Characteristics of a Biomedical Engineer

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Biomedical engineers work at the intersection of engineering, medicine and science to design and build innovative life support devices, such as artificial limbs and organs, and improve health care processes. These individuals must often solve complex problems and apply advanced technologies to the complicated systems of living organisms. To be successful, biomedical engineers must have an advanced level of education and training. In addition, biomedical engineers will do well if they love math, chemistry, physics and engineering.

Education

  • According to the Washington University Biomedical Engineering Society, entry-level biomedical engineering jobs require a four-year bachelor's degree, with many students continuing on to obtain master's and doctorate degrees. Students interested in research or teaching must obtain a graduate degree. Students can major in either biomedical engineering or a different form of engineering, such as chemical engineering, with a specialty in biomedical engineering.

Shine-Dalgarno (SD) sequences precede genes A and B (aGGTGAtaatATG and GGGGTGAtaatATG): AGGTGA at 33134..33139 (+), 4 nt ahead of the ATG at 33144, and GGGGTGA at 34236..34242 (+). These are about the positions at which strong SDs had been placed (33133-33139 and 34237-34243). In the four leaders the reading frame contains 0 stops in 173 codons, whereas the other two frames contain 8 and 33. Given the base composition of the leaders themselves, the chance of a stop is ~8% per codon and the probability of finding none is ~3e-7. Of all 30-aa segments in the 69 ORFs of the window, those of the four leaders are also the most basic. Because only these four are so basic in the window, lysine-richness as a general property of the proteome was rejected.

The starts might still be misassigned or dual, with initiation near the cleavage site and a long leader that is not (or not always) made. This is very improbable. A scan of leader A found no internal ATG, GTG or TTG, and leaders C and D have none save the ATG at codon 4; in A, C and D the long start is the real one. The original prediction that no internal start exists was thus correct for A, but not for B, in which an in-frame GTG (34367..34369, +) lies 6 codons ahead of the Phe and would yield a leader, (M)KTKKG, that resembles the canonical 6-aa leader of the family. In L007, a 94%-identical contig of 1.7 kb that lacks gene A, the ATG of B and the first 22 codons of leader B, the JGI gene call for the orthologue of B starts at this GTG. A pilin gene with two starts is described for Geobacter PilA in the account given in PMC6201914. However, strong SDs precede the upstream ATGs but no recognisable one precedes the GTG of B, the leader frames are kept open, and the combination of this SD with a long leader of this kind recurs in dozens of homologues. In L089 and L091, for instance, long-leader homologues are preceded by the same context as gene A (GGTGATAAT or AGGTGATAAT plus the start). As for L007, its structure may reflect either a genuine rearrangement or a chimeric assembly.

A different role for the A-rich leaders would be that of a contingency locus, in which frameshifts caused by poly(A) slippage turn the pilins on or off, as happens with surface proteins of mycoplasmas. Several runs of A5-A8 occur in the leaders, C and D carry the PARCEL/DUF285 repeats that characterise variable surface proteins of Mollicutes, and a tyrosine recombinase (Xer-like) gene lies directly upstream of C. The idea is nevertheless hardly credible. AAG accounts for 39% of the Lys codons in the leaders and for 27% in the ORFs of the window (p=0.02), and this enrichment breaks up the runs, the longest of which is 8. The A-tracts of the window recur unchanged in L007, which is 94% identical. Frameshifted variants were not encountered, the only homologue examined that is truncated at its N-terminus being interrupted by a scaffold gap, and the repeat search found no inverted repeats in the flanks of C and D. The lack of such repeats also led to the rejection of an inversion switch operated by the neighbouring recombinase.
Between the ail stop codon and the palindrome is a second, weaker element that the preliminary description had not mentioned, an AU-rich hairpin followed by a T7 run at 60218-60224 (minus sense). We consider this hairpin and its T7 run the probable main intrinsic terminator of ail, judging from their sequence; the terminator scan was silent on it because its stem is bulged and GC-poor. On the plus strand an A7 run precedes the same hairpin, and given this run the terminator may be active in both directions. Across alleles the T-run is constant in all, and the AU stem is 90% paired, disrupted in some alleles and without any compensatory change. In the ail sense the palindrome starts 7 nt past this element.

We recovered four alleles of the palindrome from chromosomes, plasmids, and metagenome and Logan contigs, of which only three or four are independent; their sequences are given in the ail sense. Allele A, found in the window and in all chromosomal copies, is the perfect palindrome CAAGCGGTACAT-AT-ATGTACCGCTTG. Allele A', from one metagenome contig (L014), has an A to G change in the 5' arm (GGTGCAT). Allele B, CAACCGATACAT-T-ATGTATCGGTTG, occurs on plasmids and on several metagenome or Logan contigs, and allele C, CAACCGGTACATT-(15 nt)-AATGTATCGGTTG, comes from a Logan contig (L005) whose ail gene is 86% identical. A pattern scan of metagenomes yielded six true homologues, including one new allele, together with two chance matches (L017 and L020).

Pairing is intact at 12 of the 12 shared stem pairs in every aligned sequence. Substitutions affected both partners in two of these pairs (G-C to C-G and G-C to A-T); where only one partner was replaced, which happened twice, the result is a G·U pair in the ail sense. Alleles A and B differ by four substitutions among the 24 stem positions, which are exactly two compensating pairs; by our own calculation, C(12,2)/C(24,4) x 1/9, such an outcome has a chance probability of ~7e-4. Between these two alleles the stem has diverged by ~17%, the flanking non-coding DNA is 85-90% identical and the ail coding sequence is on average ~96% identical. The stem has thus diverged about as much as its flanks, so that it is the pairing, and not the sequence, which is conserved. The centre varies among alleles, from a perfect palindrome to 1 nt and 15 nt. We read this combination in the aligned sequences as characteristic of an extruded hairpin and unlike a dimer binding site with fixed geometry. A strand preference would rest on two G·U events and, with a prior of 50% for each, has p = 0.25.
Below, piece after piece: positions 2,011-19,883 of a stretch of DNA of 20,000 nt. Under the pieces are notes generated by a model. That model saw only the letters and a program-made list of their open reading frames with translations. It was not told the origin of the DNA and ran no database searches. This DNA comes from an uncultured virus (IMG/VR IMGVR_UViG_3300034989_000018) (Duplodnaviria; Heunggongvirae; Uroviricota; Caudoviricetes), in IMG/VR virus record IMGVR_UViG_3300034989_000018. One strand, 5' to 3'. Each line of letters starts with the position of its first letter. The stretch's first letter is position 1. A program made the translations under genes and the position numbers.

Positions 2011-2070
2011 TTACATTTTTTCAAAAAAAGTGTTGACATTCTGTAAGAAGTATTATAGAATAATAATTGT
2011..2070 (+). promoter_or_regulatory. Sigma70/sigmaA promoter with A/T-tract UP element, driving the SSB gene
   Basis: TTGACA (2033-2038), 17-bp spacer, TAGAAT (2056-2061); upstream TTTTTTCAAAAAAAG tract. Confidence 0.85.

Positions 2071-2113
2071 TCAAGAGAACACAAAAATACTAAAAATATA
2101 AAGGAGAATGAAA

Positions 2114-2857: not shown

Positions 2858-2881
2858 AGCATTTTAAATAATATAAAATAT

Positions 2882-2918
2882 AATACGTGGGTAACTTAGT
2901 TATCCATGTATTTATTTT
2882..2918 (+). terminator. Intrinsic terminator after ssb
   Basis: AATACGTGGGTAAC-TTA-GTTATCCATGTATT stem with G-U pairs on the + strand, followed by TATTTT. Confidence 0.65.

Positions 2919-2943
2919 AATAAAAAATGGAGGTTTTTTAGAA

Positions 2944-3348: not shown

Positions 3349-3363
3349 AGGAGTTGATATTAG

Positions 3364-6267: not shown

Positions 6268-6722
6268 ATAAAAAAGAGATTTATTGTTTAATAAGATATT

Creativity and Inquisitiveness

  • Biomedical engineers must solve very complicated problems and deal with many safety restrictions necessary to protect living people. This means they must be very creative when designing new technologies and finding new solutions to problems. Biomedical engineers are often inquisitive, looking at the health care field with a desire to find and improve any inefficiency. The Canadian Medical and Biological Engineering Society lists creativity as among the personal characteristics of a successful biomedical engineer.

Analytical and Precise

  • Since biomedical engineers work with technology that doctors will use on, and in, humans -- lasers for eye surgery, for example -- this means engineers must produce products that meet high safety standards and do not overlook any potential issue or interaction. Precision and accuracy are key, because even a slight mistake can endanger lives.

Communication Skills

  • Biomedical engineers often work in a team-based environment. In addition, they must work with scientists and physicians to bring their products to the market. For these reasons, the United States Bureau of Labor Statistics recommends that biomedical engineers be excellent at both oral and written communication.

References

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